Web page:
Substantially improved F-16 aircraft targeting pod in testing at Edwards Air Force Base
The first of two series of flight tests is in progress at Edwards Air Force Base, Calif., on the Sniper XR advanced targeting pod for the U.S. Air Force F-16 jet fighter.
by J.R. Wilson
EDWARDS AFB, Calif. — The first of two series of flight tests is in progress at Edwards Air Force Base, Calif., on the Sniper XR advanced targeting pod for the U.S. Air Force F-16 jet fighter.
The new multipurpose targeting and navigation system pod is to provide tactical aircraft with 24-hour precision strike capability against land- and sea-based targets. The 416th Flight Test Squadron is conducting 25 test flights through July, with an additional 22 scheduled in a second series ending in December.
The pod incorporates a high-resolution, mid-wave, third-generation forward-looking infrared (FLIR) sensor, a dual-mode laser, charge-coupled device (CCD) visible-light camera, along with a laser spot tracker and a laser marker.
The Sniper XR is to provide a significant improvement in standoff ranges compared to existing targeting systems. Lockheed Martin Missiles and Fire Control in Orlando, Fla., claims advanced image-processing algorithms, combined with rock-steady stabilization techniques, deliver three times the performance of the best systems in service today.
Compatible with the latest standoff weaponry, Sniper is intended to provide automatic tracking and laser designation of tactical-size targets via real-time imagery presented on cockpit displays.
Lockheed Martin experts say the system design includes automatic boresight and aircraft alignment, tactical and eye-safe diode-pumped laser with no altitude restrictions, advanced target/scene imager with inertial tracker, passive air-to-air target detection and tracking, passive ranging, and precision geo-coordinate generation for J-series weapons. The supersonic, low-observable design also is to produce a substantial reduction in drag and weight.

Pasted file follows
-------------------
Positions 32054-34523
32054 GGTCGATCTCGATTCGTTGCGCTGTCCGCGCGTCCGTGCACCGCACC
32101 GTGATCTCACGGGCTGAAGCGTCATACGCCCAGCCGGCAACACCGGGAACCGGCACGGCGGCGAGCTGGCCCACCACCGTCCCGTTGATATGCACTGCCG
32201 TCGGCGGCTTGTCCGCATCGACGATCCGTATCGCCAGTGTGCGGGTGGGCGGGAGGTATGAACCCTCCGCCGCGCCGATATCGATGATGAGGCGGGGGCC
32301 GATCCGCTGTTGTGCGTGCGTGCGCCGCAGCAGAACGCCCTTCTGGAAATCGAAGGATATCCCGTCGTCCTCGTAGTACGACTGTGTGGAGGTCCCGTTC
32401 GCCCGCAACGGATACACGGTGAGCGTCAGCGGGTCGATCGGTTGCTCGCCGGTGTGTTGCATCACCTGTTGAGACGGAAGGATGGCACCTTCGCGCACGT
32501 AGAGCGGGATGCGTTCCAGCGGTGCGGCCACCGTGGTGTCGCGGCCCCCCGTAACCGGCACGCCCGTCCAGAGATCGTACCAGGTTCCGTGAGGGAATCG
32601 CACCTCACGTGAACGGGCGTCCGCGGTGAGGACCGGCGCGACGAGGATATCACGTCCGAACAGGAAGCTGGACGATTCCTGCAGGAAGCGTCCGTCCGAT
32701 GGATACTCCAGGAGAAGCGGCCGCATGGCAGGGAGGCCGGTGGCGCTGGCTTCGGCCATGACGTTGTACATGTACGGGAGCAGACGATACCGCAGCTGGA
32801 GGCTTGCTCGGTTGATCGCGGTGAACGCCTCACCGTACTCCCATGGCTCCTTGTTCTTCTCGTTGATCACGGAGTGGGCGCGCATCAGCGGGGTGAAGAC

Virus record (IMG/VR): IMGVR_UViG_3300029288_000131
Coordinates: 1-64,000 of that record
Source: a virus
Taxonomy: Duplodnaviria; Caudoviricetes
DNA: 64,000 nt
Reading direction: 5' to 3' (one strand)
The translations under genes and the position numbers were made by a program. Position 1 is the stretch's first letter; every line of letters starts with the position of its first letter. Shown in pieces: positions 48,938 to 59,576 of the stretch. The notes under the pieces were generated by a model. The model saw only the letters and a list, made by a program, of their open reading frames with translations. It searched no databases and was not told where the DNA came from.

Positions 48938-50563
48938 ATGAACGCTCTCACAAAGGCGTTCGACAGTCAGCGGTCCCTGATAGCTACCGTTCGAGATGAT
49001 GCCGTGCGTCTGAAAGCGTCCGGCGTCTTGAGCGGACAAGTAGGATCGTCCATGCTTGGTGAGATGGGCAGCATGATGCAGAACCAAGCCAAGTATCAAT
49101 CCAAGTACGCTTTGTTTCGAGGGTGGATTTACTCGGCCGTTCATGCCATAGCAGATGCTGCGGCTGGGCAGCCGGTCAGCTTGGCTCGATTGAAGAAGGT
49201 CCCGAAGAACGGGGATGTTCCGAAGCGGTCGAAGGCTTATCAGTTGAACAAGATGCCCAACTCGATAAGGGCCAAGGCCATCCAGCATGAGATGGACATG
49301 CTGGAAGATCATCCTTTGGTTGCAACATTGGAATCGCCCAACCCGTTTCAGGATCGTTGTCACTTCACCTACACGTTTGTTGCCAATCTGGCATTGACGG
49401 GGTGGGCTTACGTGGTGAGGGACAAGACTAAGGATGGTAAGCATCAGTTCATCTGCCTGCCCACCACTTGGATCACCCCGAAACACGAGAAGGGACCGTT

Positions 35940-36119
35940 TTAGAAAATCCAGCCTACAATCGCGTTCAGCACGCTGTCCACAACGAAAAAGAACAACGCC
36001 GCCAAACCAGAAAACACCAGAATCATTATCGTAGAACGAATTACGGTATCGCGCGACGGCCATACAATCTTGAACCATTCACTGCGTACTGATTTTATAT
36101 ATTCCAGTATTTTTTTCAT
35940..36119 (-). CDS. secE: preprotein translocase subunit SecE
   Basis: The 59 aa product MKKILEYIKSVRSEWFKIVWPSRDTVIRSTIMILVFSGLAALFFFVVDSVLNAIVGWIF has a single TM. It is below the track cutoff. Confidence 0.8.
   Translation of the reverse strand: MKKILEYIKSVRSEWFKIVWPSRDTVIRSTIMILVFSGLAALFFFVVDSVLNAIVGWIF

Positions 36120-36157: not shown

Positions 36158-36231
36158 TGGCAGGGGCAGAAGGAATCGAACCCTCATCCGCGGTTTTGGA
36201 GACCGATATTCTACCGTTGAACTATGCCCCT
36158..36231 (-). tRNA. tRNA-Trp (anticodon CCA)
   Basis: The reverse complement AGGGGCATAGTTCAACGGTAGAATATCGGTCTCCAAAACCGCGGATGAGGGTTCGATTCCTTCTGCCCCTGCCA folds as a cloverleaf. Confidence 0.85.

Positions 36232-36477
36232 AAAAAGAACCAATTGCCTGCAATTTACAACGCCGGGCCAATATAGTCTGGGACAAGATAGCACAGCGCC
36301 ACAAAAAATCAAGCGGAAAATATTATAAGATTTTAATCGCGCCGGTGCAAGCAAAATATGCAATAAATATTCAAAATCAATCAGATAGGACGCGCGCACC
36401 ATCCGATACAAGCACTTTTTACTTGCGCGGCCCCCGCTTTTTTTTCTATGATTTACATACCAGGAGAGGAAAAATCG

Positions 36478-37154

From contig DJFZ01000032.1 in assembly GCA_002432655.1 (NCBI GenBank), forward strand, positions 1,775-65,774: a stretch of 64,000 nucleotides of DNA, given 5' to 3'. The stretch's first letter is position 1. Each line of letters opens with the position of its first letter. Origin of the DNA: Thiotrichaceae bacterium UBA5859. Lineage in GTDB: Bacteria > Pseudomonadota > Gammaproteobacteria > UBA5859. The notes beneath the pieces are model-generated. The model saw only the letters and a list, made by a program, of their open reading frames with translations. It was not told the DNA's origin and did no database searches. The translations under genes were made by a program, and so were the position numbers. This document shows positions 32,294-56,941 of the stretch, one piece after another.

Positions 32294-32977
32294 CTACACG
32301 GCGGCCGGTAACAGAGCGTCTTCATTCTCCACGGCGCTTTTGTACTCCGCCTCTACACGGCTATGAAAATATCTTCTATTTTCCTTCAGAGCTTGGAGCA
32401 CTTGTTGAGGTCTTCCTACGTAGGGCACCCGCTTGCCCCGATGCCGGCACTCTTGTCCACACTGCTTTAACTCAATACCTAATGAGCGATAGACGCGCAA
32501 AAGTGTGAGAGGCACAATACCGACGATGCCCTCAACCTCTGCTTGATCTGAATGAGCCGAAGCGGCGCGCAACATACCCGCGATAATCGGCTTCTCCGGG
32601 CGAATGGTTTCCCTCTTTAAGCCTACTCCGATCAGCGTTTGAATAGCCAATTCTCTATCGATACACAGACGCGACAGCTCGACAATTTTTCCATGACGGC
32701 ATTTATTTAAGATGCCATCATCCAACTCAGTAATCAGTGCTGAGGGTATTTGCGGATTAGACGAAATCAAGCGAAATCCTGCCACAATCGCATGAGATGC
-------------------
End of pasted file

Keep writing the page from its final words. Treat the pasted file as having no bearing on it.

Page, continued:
"Our testing at Edwards allows us to make specific and repeatable test points," says Perry Choate, the Air Force F-16 Sniper Program project engineer. "This new targeting pod needs to be tested with each capability provided. We need to be able to provide to our customer specific answers on how well the infra-red camera works."
Lockheed Martin will provide 168 pods, associated equipment, spares and support in the initial element of a seven-year, $843 million contract for as many as 522 pods to be installed on Air Force F-16CJ Block 50 and some Air National Guard F-16 Block 30 fighter aircraft. Additional testing also may be conducted using other fighters, such as the F-15E Strike Eagle, to evaluate the pod's performance and integration.
Choate says project pilot Capt. Scott Thompson was briefed on a number of deficiencies already found in the early tests and has a challenging task in providing a workable solution instantly during a test flight.
"He not only has to fly the aircraft in very specific speeds, attitudes, and altitudes," he says, "but he also has to operate this pod and determine the potential problems and how to improve the aircraft and pod working together. These targeting pods add a new measure of complexity to the aircraft for the pilot to master."
A derivative of the Sniper XR also is being developed as the electro-optical targeting system (EOTS) for the Joint Strike Fighter.
"JSF EOTS and Sniper XR are leading-edge systems, giving pilots unprecedented long-range targeting capability," says Dan Fischoff, director of the Sniper XR and JSF EOTS programs at Lockheed Martin.